Comfort and Care

Many Littles emphasize the bodily sense of comfort, safety, and pleasure derived from play— from extended physical proximities to a profound sense of security—be this in connection with subspace, experiences of “badwrong,” or something else. Pleasure taken in comfort and care can remain an end in itself, or be part of sexual scenes. Again, the issue is one of gradations of experience: of differences in degree rather than ones in kind (Bergson 2007). As described by our Littles, during play, their caregivers are able to coax out intense vulnerability on the basis of trust. This allows Littles to give up control, but they feel they need intense care work and emotional labor from their partners in return. While aftercare is an important aspect across BDSM cultures (Cutler 2003; Mondin 2017), our informants experience the DD/lg dynamic as coming with a higher perceived need for, and intensity of aftercare, which they pair with the higher affective intensity involved in this kind of play. The following blog outtake offers one description of the embodied, sensory, affective state that is sought out in play:

Today I just want to surrender. I want someone else to worry about the details, take care of this mouth and this body. I want someone else to make all of the choices and do all of the thinking. I want to succumb to caring hands, soothing sounds, full attention, good intentions. Let me be something precious.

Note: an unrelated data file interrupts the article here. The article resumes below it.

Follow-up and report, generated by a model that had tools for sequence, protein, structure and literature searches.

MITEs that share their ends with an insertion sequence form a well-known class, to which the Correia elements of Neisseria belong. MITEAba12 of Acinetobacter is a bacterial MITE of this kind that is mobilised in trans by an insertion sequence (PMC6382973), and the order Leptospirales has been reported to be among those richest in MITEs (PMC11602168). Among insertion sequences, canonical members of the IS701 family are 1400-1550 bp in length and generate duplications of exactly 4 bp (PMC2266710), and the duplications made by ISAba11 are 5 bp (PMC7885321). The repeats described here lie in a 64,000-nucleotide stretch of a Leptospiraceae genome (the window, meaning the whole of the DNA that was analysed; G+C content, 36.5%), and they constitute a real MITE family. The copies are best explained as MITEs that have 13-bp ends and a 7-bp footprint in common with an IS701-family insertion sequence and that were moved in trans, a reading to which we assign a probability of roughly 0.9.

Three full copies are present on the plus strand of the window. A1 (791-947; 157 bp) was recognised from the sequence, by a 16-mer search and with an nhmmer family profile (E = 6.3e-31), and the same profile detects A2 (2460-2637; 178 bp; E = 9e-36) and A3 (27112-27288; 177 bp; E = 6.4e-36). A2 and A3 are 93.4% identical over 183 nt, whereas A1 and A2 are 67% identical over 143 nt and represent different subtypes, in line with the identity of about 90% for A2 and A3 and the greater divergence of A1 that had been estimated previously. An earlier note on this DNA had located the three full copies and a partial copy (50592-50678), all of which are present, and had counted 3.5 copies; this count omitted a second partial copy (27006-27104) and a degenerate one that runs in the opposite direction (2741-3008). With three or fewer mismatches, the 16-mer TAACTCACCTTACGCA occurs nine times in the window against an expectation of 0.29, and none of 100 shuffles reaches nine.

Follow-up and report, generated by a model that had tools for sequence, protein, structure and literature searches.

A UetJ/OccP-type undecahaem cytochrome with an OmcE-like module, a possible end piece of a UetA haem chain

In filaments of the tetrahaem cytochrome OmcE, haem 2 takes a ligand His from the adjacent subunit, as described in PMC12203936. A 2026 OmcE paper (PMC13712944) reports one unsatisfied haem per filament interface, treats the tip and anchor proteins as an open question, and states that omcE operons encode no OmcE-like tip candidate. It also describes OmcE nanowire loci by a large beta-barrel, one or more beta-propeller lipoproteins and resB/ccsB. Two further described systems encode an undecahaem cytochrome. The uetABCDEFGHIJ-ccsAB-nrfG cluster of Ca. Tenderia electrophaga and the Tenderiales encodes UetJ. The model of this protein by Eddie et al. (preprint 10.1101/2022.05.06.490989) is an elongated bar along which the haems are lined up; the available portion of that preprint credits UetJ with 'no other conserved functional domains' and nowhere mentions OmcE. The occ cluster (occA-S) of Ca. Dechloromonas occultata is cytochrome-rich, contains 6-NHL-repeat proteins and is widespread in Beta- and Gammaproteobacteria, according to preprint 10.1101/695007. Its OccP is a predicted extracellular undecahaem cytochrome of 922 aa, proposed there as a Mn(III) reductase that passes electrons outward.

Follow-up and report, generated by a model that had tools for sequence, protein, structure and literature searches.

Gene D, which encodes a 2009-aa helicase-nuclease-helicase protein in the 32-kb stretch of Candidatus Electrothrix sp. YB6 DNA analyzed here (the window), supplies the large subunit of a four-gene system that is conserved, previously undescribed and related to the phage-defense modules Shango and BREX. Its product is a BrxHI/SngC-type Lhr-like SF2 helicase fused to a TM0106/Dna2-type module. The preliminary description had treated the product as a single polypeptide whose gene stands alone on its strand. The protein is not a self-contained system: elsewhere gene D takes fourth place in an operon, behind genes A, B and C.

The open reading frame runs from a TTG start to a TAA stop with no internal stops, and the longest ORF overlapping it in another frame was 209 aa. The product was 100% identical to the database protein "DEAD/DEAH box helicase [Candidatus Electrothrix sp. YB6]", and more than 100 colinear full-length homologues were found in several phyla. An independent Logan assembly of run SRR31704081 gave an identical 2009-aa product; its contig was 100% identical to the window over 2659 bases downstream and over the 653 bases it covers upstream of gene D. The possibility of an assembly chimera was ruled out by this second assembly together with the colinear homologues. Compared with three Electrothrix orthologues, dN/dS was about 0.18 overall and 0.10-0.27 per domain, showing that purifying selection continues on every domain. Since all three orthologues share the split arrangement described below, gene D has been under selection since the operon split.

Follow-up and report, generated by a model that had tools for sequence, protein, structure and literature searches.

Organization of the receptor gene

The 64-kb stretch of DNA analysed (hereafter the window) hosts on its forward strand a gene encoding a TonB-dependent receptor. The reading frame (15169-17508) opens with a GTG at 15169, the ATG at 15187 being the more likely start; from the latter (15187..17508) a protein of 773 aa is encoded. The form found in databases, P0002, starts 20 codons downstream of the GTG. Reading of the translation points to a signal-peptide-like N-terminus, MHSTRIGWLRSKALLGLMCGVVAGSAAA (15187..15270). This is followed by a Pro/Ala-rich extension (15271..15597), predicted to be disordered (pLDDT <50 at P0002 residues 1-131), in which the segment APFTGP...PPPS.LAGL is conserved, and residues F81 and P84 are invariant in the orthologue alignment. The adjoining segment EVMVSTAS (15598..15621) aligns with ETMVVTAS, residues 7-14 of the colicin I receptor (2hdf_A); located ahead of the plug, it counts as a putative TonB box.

This group of practitioners often uses the term “precious” to describe the affective state sought in DD/lg play that differentiates it from other types of play—and from what they call “conventional” BDSM in particular. In this context, precious is a playful, relational term implying a type of care-work that defines the play scene as something of an expected constant across its affective curves.


Age play (i.e. consenting adults roleplaying in some way pertaining to age), is a fairly under-researched and often misunderstood sexual subculture that is commonly ridiculed and pathologized in popular media (Paasonen 2018, pp. 86–93). In this article, we have analyzed the experiences and articulations of a small group of female, self-identifying age-players of the Little variety. Our sample is limited, but our data is thick and nuanced, allowing us to offer a rich glimpse at one way of doing DD/lg sexual role-play. This leads us to propose conceptualizing age-play outside both its pathologization as paraphilic infantilism, and its fixity as an identity category. In addition, we suggest that play—defined as autotelic activity that entails variations of pleasure not necessarily submissive to enjoyment (Sicart 2014, p. 3)—is a productive lens for making sense of both age-play and sexuality in a broader sense. Conceptualizing sexuality in the framework of play unfixes sexual practices from categorical notions of sexual identity that can be used to stigmatize people’s sexual preferences and experiences.